Speak truth about Jan. 6

To the editor:

“What I saw was just a war scene. … There were officers on the ground. … They were bleeding. They were throwing up. … I saw friends with blood all over their faces. I was slipping in people’s blood. … It was carnage. It was chaos.” — Police Officer Caroline Edwards, describing the Jan. 6 attack on the U.S. Capitol.

In one of the greatest acts of revisionism in U.S. history, former president Donald Trump calls the Capitol attackers hostages and patriots and promises to pardon them on day one of his presidency. He also defends rioters’ “Hang Mike Pence!” chants, calls Jan. 6 “a beautiful day” and often starts his rallies with a version of the National Anthem performed by Jan. 6 prisoners.

Some GOP members of Congress, including House Conference Chair and potential vice presidential candidate Elise Stefanik (R-NY21), have followed Trump’s lead. Remarkably, the Republican National Committee calls the Select Committee to Investigate the Jan. 6 attack on the U.S. Capitol a “persecution of ordinary citizens engaged in legitimate political discourse.”

Despite injuries to over 100 police officers, Trump has stated: “It was zero threat, right from the start, it was zero threat. … Some of them went in, and they are hugging and kissing the police and the guards, you know, they had great relationships.”

According to Reagan-appointed judge Royce Lamberth, “(I)n my 37 years on the bench, I cannot recall a time when such meritless justifications of criminal activity have gone mainstream. … I have been shocked to watch some public figures try to rewrite history … But the Court fears that such destructive, misguided rhetoric could presage further danger to our country.”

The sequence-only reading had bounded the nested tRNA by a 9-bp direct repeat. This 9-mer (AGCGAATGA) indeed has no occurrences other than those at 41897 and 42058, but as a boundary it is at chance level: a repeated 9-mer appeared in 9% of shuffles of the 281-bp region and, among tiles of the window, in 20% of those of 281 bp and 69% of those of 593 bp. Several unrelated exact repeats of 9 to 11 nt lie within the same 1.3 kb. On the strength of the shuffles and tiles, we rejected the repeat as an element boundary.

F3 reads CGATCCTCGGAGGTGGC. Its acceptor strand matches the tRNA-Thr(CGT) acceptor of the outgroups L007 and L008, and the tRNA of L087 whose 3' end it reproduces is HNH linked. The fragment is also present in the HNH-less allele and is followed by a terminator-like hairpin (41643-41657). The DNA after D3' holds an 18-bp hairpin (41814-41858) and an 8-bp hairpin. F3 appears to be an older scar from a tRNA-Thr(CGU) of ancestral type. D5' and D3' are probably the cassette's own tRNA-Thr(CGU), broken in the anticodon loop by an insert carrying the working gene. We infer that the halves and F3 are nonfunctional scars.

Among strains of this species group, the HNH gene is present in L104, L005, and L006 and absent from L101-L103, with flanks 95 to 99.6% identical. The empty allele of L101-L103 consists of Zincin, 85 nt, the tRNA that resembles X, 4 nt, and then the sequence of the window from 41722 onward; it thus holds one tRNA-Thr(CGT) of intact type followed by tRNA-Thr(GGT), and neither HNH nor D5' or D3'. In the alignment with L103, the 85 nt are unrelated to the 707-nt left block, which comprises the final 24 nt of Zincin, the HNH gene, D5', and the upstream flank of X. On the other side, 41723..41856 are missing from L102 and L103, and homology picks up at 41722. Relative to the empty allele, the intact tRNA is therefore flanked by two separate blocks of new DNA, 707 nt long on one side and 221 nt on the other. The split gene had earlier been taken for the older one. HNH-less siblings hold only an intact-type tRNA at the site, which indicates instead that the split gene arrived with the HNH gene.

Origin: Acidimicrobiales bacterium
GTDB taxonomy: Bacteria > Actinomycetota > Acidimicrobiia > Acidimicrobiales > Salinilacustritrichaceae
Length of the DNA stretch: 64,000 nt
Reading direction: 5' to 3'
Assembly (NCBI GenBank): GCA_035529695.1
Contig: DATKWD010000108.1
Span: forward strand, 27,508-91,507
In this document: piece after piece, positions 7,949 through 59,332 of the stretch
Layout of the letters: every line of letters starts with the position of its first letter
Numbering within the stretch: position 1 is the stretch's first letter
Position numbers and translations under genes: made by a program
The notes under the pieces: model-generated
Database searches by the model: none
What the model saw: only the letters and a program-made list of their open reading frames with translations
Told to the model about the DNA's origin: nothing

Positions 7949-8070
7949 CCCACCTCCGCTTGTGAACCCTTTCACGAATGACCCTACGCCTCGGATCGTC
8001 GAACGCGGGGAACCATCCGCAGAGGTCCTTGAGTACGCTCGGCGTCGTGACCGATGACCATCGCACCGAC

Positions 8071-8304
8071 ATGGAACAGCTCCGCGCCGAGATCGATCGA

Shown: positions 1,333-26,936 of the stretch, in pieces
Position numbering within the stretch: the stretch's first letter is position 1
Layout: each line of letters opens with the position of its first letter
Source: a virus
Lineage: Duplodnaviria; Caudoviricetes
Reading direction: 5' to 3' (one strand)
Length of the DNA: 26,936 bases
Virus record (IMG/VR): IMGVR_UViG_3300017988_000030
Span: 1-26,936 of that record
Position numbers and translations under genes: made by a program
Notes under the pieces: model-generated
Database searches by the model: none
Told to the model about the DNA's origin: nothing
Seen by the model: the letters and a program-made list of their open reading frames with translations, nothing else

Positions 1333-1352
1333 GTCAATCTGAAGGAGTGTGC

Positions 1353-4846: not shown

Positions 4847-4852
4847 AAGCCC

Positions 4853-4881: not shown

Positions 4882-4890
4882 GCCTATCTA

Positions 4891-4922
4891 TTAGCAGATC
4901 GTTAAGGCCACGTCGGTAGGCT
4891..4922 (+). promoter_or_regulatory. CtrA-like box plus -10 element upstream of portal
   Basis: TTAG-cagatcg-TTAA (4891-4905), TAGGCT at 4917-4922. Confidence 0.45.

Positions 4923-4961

On Jan. 6, D.C. police officer Michael Fanone, a father of three, was repeatedly shocked with a stun gun at the base of his skull by Daniel Rodriguez and beaten until he was unconscious. He suffered a traumatic brain injury and heart attack. Rodriguez was sentenced to 12 years and seven months in prison and yelled, “Trump won!” as he was led out of the courtroom.

According to Fanone, “So many of the people I put my life at risk to defend are downplaying or outright denying what happened.” He is determined to use his platform “for the sole purpose of making people stop describing Jan. 6 as anything other than what it was: a horrific day in which a lot of police officers almost died.”

Donald Trump should rethink what he means when he talks about “making America great again.” Certainly, a great nation honors the sacrifices of its police officers even when it’s not politically convenient to do so.

So much is at stake. Historian Timothy Snyder reminds us that it is “our collective trust in common knowledge that makes us a society.” At this critical time for our democracy, let’s heed the words of Voltaire: “Whoever can make you believe absurdities can make you commit atrocities.”

Terry Hansen

Milwaukee, Wisconsin


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